Consumer alert on gasoline price gouging
New York Attorney General Letitia James on Thursday issued an alert to New Yorkers concerning potential gasoline price gouging following the interruption of a major fuel pipeline serving the eastern half of the United States — urging consumers to report dramatic gasoline price increases to the Office of the Attorney General (OAG) for investigation.
The current disruption to the fuel market occurred after computer hackers illegally hacked into the computer system that is used to control the Colonial Pipeline, which transports fuel to numerous locations along the eastern half of the US, including the New York City area.
The hack caused a temporary shutdown of the pipeline, creating the threat of a fuel shortage that could potentially affect hundreds of millions of Americans.
In response, numerous consumers on the East Coast have reportedly engaged in panic-buying of fuel, and some sellers appear to have increased their prices in an attempt to profit from the increased demand.
“As New Yorkers continue to suffer the economic impact of the COVID-19 public health crisis, the last thing their wallets can afford is the price gouging of fuel from those seeking to unconscionably take advantage of another crisis,” James said.
“To be clear, the price gouging of fuel in New York state will not be tolerated for a moment,” she warned. “If our office sees profiteers take advantage of consumers by boosting prices to excess levels, we will not hesitate to take legal action.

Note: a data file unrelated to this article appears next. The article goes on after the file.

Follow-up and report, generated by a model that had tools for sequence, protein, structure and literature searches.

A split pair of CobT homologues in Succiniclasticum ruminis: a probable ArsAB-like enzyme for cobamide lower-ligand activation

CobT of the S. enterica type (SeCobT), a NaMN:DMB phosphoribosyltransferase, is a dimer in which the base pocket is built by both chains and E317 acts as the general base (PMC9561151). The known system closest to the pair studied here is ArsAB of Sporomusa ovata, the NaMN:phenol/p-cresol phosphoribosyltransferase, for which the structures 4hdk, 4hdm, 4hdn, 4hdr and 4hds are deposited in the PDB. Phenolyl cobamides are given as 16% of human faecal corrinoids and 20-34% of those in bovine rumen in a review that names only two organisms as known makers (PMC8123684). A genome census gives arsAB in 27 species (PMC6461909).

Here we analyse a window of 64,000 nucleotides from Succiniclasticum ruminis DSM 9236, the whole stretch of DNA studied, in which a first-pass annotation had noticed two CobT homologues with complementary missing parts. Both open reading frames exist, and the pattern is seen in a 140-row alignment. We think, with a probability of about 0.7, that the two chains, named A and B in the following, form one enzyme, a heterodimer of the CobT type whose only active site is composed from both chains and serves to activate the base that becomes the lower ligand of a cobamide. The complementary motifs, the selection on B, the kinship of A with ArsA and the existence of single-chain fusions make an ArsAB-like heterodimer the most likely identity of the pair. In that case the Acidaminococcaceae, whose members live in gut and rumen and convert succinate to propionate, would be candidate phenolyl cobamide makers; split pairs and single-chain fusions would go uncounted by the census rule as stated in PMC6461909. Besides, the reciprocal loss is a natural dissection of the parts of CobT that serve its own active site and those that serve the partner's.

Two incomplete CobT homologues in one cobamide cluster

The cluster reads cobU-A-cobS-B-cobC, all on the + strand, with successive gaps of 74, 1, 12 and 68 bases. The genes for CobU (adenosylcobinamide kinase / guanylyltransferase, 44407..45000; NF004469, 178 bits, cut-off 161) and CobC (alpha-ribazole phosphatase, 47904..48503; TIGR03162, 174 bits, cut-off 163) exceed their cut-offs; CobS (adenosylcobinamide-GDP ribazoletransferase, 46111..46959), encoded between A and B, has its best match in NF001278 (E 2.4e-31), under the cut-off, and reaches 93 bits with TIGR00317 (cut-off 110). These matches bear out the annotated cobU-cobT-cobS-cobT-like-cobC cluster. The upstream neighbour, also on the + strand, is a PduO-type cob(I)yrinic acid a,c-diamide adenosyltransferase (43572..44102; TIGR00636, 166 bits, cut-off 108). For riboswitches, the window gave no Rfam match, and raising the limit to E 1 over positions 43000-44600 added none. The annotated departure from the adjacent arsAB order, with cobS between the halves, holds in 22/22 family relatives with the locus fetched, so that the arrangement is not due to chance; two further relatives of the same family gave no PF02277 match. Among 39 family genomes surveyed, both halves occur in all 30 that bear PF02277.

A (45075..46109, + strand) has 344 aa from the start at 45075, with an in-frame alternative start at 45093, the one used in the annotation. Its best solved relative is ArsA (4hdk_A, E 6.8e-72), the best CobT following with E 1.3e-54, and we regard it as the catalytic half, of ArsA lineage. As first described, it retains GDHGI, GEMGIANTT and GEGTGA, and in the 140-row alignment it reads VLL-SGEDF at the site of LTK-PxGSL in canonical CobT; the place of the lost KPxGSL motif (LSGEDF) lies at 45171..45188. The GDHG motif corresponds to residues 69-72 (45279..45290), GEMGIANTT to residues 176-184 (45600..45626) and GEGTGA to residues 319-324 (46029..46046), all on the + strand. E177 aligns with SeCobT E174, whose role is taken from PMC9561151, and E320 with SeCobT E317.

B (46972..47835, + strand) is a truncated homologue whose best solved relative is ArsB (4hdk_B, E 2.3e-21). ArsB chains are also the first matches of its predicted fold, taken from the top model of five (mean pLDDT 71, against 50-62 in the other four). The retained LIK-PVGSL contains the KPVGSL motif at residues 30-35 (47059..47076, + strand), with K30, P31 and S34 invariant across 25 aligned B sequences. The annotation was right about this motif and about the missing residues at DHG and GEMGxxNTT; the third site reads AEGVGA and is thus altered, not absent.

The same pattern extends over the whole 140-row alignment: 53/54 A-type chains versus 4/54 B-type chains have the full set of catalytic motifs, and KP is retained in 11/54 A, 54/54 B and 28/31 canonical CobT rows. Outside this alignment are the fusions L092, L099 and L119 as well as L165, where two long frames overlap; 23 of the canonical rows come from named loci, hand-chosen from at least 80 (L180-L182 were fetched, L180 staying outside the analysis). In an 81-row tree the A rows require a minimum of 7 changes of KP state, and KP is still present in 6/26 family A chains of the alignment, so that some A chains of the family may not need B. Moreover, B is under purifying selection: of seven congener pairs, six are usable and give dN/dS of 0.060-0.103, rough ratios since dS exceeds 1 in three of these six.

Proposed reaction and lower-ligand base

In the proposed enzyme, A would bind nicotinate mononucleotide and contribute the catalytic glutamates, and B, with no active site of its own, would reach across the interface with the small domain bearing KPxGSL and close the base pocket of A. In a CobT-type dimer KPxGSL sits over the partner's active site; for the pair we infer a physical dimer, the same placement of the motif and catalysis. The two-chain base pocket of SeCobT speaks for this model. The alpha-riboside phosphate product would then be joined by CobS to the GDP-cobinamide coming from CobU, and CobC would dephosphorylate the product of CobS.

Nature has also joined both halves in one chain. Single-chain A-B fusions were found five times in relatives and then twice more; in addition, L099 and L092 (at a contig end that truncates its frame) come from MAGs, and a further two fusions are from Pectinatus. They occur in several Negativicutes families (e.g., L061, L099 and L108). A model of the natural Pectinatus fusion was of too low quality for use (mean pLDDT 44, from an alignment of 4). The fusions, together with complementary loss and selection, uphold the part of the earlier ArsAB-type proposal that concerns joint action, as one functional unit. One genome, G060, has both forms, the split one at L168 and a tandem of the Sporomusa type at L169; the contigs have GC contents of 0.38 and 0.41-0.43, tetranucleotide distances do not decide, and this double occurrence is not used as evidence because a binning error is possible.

“Last year, the state granted our office additional authority to stop those seeking to unlawfully profit off an emergency,” James continued. “So, we will use every tool at our disposal to stop illegal actors and secure relief for consumers who have been overcharged for gasoline.”
The Attorney General noted that New York law prohibits sellers of fuel and other vital and necessary goods from excessively increasing their prices during an abnormal market disruption, including disruptions caused by energy shortages.
During such times, she said sellers may be allowed to increase prices to cover their own cost increases, but stressed that it is illegal for them to unconscionably raise prices simply to profit from increased consumer demand.
Additionally, last year, in response to an influx in price gouging as a result of the coronavirus disease 2019 (COVID-19) public health crisis, James said a law was passed that substantially strengthened her ability to bring charges against those violating New York state’s price gouging statute, as they sought to excessively increase prices on essential goods and services during pandemics or other emergencies.
When reporting price gouging to the OAG, James said consumers should report the specific increased prices, the dates and places that they saw the increased prices, and the types of fuel being sold.
“Consumers should also provide copies of their sales receipts and photos of the advertised prices, if available,” she said. “Gas stations that appear to have engaged in price gouging must have evidence to justify their price increases.”
The OAG also advises consumers to buy only as much fuel as they need and not to stock up out of fear of a potential future shortage, as such panic buying may reduce the supply of fuel available for other consumers and could encourage sellers to engage in illegal price gouging.
In addition, the OAG advises consumers that it is not price-gouging for gas stations to limit the amount of fuel they sell to individual consumers.
James said reducing the quantities of sales can help avoid a small number of consumers from hoarding fuel and can, instead, ensure that there is still fuel available, even in smaller quantities, for other consumers.